Friday, December 4, 2009

The Final Draw - Cairp Tahn goes soccer crazy

Long Street, in Cairp Tahn is normally a fairly quaint, very ordinary kind of street. It has lots of restaurants in it - some of which are rather questionable. But at night, Long Street is "The" place to be for the younger set. Awash, I suppose, with the normal kind of recreational drugs - I don't know this, I assume it. Parking is quite impossible to find and the blare of music of various genres assaults you at every turn.

The crowd is not really trendy - it is somewhat more downmarket. There is a lot of smoking of cigarrettes and a lot of wearing sunglasses at night. It seems quite a happy place, but one would be slightly concerned about one's teenage son or daughter.

When Long street is not pumping with the close to 17 000 people it gets on a Saturday night, it is just like anywhere else in Cairp Tahn. Enjoyable. Unreconstructed. Fairly laid back.

Long Street today, however, is the site of the Final Draw (for the 2010 FIFA World Cup - in case you live on a different planet) party. 75 000 people are expected. Screens have been erected, to ensure that people can watch which teams are drawn against which teams. The cordon of security around the International Convention Centre - which is where the draw will actually take place, is vice-like. I virtually had to give a DNA sample to get accreditation for this evenings event. Not that I will be going to the actual event, you understand - that is reserved for Kings, Presidents, Joseph Sepp Blatter, visitors from Mars. (Queens don't qualify).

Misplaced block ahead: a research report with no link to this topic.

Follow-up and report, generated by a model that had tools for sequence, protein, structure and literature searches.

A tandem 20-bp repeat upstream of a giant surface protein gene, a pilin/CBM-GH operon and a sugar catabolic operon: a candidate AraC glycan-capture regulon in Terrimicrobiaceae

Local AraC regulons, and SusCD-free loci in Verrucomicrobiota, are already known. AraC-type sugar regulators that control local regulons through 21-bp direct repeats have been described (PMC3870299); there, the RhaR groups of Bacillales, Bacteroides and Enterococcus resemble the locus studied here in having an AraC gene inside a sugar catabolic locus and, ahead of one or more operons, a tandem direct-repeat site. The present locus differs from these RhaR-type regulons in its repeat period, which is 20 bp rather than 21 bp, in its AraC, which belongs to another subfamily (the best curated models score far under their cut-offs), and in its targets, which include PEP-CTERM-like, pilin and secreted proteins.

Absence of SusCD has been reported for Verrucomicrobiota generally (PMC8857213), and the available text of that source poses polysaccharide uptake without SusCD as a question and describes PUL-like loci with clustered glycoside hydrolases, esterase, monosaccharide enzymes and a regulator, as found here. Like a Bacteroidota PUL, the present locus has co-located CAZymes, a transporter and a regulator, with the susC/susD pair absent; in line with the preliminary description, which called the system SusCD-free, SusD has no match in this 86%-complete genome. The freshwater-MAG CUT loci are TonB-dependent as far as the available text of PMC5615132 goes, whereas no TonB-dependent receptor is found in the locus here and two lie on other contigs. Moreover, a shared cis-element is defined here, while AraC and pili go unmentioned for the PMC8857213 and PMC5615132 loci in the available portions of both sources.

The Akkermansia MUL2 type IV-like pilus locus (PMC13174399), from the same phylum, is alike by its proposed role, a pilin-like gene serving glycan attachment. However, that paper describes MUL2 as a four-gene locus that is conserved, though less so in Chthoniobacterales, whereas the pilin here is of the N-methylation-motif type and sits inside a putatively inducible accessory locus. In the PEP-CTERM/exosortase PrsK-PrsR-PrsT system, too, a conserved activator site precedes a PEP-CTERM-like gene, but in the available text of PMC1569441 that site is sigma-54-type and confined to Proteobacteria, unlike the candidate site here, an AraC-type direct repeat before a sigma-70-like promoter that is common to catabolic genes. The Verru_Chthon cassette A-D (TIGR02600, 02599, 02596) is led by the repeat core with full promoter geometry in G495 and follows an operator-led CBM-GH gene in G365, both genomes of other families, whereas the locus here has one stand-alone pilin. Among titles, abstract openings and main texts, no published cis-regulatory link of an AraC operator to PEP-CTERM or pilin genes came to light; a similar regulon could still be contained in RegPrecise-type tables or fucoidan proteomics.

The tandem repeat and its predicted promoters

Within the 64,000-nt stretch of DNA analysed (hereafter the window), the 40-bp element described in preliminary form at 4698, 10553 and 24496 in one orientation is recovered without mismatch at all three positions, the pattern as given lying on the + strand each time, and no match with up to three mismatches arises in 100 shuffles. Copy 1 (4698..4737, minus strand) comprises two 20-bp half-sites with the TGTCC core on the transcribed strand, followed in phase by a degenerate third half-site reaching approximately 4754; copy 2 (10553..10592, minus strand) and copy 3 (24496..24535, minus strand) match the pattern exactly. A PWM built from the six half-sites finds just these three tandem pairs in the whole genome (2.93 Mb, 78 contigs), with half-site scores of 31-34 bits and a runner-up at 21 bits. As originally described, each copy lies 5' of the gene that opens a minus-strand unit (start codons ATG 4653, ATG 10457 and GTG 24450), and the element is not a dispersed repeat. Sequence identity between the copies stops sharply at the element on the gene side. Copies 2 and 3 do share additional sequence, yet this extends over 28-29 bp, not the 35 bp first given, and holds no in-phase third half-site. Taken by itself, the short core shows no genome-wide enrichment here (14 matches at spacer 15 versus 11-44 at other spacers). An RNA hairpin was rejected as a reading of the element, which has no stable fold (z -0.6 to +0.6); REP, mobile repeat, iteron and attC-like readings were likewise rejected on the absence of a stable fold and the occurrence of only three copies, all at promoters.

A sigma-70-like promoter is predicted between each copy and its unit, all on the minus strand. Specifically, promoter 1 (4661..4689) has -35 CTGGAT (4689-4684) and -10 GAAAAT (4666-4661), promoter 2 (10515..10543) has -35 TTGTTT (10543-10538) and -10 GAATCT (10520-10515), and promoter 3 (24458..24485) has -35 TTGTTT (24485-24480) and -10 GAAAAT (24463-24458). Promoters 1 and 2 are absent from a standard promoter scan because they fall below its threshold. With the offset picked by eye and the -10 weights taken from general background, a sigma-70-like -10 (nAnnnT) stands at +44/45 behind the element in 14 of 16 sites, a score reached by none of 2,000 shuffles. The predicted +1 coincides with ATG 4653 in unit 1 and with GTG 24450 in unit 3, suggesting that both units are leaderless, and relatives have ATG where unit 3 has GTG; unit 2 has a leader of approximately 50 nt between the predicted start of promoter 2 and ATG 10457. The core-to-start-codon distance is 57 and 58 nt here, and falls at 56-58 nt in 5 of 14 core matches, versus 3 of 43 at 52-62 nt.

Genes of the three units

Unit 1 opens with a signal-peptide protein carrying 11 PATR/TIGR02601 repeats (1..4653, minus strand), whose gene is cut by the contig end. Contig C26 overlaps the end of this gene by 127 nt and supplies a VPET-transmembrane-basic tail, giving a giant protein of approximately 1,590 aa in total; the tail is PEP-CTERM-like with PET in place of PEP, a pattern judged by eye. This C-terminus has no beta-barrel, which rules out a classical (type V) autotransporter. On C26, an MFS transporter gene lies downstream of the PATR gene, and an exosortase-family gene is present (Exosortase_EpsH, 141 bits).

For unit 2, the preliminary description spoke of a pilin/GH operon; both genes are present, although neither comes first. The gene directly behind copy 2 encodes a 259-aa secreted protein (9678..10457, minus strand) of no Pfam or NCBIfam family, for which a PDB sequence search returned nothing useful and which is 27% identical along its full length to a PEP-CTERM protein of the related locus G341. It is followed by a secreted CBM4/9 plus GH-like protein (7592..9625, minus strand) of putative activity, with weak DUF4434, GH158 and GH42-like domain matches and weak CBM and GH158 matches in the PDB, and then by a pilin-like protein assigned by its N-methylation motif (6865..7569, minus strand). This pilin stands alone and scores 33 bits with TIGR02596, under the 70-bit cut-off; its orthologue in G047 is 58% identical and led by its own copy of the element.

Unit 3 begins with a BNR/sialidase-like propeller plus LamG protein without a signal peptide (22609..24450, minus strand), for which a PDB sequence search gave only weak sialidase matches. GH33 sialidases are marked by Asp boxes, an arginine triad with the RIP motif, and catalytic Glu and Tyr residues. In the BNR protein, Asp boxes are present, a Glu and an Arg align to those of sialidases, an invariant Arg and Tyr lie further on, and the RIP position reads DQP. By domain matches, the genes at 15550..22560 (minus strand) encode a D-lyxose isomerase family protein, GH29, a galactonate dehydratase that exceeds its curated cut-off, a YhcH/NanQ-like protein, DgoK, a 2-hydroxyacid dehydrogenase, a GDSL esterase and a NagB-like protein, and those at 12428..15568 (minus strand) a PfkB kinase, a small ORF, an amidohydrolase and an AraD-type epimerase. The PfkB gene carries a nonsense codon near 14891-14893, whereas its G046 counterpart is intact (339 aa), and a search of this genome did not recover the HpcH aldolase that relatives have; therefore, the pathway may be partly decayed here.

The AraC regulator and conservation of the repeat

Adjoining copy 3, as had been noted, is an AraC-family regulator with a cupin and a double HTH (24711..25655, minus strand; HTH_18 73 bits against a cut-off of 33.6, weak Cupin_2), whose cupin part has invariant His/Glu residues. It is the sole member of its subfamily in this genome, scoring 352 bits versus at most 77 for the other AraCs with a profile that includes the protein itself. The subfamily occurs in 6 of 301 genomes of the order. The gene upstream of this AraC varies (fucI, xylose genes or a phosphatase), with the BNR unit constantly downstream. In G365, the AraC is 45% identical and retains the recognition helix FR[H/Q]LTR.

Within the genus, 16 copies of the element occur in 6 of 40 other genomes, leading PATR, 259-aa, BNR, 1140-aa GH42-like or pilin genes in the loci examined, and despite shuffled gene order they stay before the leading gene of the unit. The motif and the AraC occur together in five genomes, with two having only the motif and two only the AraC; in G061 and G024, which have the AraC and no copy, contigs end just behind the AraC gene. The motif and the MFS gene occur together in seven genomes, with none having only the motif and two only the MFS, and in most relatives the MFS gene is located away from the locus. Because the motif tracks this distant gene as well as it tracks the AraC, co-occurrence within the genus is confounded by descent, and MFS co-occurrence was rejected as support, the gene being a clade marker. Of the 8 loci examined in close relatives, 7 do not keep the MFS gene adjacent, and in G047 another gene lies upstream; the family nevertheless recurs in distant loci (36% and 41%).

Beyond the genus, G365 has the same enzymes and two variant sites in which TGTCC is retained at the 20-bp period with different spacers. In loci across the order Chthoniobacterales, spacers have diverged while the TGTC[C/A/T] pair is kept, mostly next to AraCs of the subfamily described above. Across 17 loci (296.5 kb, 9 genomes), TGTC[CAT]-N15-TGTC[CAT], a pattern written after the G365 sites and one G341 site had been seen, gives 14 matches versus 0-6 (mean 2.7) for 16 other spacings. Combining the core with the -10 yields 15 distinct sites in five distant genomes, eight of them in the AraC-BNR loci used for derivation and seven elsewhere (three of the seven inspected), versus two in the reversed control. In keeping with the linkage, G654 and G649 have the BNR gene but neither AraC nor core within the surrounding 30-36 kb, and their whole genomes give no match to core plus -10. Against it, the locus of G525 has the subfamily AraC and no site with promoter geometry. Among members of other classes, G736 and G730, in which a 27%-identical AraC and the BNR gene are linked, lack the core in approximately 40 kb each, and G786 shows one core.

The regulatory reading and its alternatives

So, "the people" will be revelling, blowing Vuvuzelas, singing, dancing and wearing soccer jerseys, until the early hours of the morning, in Long Street. I heard on various radio stations that everyone is duly excited. Even the stations which mostly white people listen to. This is unusual. Because white people in South Africa, mostly, do not have any clue about soccer. And white people in South Africa, mostly, can only see doom and gloom. To see white Capetonians wandering around in soccer jerseys, I want to tell you, is a fairly amazing sight.

So, this really is a moment for national unity. This really is a time to shine. And we will. Of that I have no doubt. I have no doubt at all.

One small point though - the three random young women in the photograph asked me, as soon as I had taken it - whether I had accommodation for 2010. Perhaps the sudden soccer enthusiasm may have been tinged with just a touch of lip-smacking at the wonderful prospect of easy money next year. Maybe. Just maybe.

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